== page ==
Conclusions: The dose distributions produced by grids containing 0.5- and 3.0-mm wide beam elements had characteristics which could be useful for grid therapy. Grids containing mm-wide carbon-ion beam elements could be advantageous due to the technical ease with which these beams can be produced and delivered, despite the reduced threshold doses observed for early and late responding normal tissue for beams of millimeter width, compared to submillimetric beams. The treatment simulations showed that nearly homogeneous dose distributions could be created inside the target volumes, combined with low valley doses in the normal tissue located close to the target volume, if the carbon-ion beam grids were crossfired in an interlaced manner with optimally selected beam-element separations. The formulated selection criterion was found useful for the quantitative evaluation of the dose distributions produced by the different irradiation setups.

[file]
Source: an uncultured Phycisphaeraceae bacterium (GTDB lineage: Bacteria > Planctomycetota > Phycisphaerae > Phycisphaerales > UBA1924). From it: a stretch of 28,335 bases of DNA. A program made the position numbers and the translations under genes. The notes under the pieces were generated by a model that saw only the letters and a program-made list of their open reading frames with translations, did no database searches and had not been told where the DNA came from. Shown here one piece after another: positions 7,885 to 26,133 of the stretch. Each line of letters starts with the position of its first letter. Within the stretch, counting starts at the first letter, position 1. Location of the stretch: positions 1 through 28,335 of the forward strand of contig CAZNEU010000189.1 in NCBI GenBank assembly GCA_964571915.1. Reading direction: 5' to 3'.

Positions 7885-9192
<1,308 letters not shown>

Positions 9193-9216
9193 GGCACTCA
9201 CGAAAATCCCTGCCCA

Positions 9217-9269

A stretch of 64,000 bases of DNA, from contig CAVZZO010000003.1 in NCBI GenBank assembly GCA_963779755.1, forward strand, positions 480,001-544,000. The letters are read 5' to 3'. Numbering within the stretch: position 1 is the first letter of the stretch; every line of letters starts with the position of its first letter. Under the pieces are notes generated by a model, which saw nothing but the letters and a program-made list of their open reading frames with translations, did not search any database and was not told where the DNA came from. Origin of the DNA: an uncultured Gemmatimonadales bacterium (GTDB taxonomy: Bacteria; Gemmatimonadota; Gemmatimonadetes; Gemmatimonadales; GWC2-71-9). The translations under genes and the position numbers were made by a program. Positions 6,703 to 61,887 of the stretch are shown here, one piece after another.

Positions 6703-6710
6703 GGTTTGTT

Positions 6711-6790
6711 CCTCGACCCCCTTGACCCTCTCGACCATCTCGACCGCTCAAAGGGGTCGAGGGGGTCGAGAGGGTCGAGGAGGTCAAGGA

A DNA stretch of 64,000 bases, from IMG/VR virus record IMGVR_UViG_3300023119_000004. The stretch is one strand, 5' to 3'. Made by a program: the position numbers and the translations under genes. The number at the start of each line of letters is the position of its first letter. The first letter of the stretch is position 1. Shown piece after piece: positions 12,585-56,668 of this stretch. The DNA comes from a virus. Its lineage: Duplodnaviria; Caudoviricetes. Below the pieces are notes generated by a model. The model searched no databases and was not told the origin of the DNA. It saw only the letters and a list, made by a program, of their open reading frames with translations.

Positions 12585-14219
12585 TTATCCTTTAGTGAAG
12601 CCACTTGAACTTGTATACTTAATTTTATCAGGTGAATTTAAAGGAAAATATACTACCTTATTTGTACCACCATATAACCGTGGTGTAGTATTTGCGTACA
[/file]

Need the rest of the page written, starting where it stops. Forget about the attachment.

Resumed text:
Place, publisher, year, edition, pages
2018. Vol. 45, no 3, p. 1210-1221
Keywords [en]
carbon-ion therapy, grid therapy, Monte Carlo simulations
National Category
Radiology, Nuclear Medicine and Medical Imaging
Research subject
Medical Radiation Physics
Identifiers
URN: urn:nbn:se:su:diva-155984DOI: 10.1002/mp.12749ISI: 000427129700024PubMedID: 29319842OAI: oai:DiVA.org:su-155984DiVA, id: diva2:1205617
Available from: 2018-05-14 Created: 2018-05-14 Last updated: 2018-09-24Bibliographically approved
In thesis
1. Interlaced proton grid therapy: development of an innovative radiation treatment technique
Open this publication in new window or tab >>Interlaced proton grid therapy: development of an innovative radiation treatment technique